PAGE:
Got issues with sleep?
A crampy leg? Or a touch of restless legs perhaps?
Anxiety, migraine, PMS, high blood pressure or just some general fatigue or blood sugar imbalance?
What’s the common denominator in all of these conditions you may ask?
The answer is magnesium, or more accurately the lack thereof.
The picture of deficiency is so varied due to the magnesium’s essential role in our bodies.
In fact, magnesium is involved in over 300 essential enzymatic reactions within our bodies & therefore is of central importance in the biochemistry of each cell in our body!
Magnesium is required for functions such as:
- Nerve conduction
- The metabolism of carbohydrates & fats for energy
- Muscle activity
- The synthesis of amino acids and protein
- Immune function
Good food sources of magnesium include legumes, wholegrains, nuts, dark leafy greens, cocoa (chocolate totally counts), seeds and nuts.
You eat all these on the daily you say? But still experience two or more of the above complaints??
Well, let’s go over what might be getting between you and magnesium.
Stress- All the nerves in your body use magnesium to help send messages along the nerve pathways. Over-studying, excess physical activity, over work, prolonged periods of stress, grief -anything that taxes the brain or the body can deplete the body of magnesium.
Soil depletion- Unfortunately farming practices and changes in growing cycles means our food is not as abundant in minerals and vitamins as it once was.
Phytates- A bound form of potassium found in food such as seeds, nuts and legumes. Phytates bind to minerals such as magnesium and cause them to be lost from the body rather than utilised. See our post on sprouting & soaking to learn more about breaking phytates down.
Compromised gut integrity: It always comes back to the gut! Since most magnesium is absorbed in the small intestines, issues like celiac disease, Crohn’s disease and regional enteritis all have a tendency to cause magnesium deficiency
Western Diet- Magnesium intake has declined substantially since the beginning of last century, with dietary surveys showing the average intake in Western countries is often below the recommended daily intake.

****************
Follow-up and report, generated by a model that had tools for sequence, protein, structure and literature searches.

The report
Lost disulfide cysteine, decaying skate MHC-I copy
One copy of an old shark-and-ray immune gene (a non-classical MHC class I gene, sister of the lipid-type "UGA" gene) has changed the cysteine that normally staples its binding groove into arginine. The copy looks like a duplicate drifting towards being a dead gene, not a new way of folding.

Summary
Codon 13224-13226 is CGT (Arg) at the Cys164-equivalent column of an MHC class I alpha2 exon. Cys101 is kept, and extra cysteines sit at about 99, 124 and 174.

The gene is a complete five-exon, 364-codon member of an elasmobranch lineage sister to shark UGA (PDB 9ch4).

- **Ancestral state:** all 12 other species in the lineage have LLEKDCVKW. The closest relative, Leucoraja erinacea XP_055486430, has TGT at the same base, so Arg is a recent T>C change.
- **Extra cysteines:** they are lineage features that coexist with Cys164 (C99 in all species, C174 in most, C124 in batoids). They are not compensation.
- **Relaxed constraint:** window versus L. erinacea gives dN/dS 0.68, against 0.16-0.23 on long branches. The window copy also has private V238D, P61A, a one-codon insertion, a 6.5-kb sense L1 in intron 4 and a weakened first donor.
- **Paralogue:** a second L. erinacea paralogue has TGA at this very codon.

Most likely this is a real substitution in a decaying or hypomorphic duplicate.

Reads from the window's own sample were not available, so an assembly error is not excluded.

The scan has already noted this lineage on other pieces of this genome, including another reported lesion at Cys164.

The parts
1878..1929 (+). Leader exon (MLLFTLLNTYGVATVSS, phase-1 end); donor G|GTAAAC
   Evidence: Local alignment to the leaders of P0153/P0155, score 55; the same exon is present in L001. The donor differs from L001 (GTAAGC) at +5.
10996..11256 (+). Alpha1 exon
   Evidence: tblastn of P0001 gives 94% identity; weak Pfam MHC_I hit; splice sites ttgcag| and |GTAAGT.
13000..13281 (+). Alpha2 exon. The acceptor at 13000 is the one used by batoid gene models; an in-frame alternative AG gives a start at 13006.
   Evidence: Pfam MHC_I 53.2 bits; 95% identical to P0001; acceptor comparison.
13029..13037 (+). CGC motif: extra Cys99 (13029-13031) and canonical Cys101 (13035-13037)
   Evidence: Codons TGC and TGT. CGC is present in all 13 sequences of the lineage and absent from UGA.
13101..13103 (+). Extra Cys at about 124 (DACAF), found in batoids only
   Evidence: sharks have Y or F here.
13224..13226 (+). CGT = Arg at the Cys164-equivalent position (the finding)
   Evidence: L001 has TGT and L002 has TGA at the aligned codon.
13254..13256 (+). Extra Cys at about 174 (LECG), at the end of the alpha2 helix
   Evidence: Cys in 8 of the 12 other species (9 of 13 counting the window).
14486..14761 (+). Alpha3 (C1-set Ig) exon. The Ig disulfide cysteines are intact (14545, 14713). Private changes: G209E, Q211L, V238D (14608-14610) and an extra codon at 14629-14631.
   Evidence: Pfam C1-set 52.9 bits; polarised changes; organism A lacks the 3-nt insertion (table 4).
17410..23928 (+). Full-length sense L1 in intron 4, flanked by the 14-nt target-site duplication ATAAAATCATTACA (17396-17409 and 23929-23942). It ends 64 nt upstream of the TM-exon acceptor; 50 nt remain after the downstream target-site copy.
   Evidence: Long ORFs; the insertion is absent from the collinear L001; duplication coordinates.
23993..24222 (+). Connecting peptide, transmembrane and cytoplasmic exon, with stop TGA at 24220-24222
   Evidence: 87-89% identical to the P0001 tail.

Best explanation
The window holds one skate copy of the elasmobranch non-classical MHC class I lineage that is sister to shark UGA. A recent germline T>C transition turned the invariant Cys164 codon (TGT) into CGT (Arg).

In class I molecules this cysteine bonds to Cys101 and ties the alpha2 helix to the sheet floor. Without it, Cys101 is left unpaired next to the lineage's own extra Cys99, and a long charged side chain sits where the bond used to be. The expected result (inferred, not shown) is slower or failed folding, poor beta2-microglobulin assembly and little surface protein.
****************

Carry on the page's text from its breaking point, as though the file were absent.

Ageing: As we age our ability to absorb nutrients decreases.
If you think you might be more severely magnesium deficient and you want to improve your levels more quickly, you may consider taking an all-natural supplement.
Magnesium supplements come in a variety of salts (citrate, oxide, gluconate, orotate etc.) which can be confusing.
- Magnesium Chelate — a form of magnesium that bonds to multiple amino acids and is in the same state as the food we consume and highly absorbable by the body.
- Magnesium Citrate — is also very highly absorbed. The bonding of citrate to magnesium gives it a laxative property which is something to keep in mind if you have a sensitive tummy.
- Magnesium Glycinate — is a chelated form of magnesium that tends to provide high levels of absorption and bioavailability and is typically considered ideal for those who are trying to correct a deficiency.
Too much magnesium from food sources alone won’t pose a risk because any excess magnesium that the body doesn’t need is easily flushed out in the urine.
It’s possible, however, to ingest too much magnesium from magnesium supplements.
One side effect of too much magnesium supplements is the laxative effect that it potentially causes, such as diarrhoea and sometimes nausea and abdominal cramping.
To prevent a laxative effect, stick to the proper dose of magnesium and aim to have no more than 300-400 milligrams at one dose.
Some people with sensitive stomachs find it helpful to break up their dose throughout the day.
80% of the population are estimated to be magnesium deficient, so if you’re experiencing any of the symptoms listed above then supplementing your diet with magnesium may a good place to start.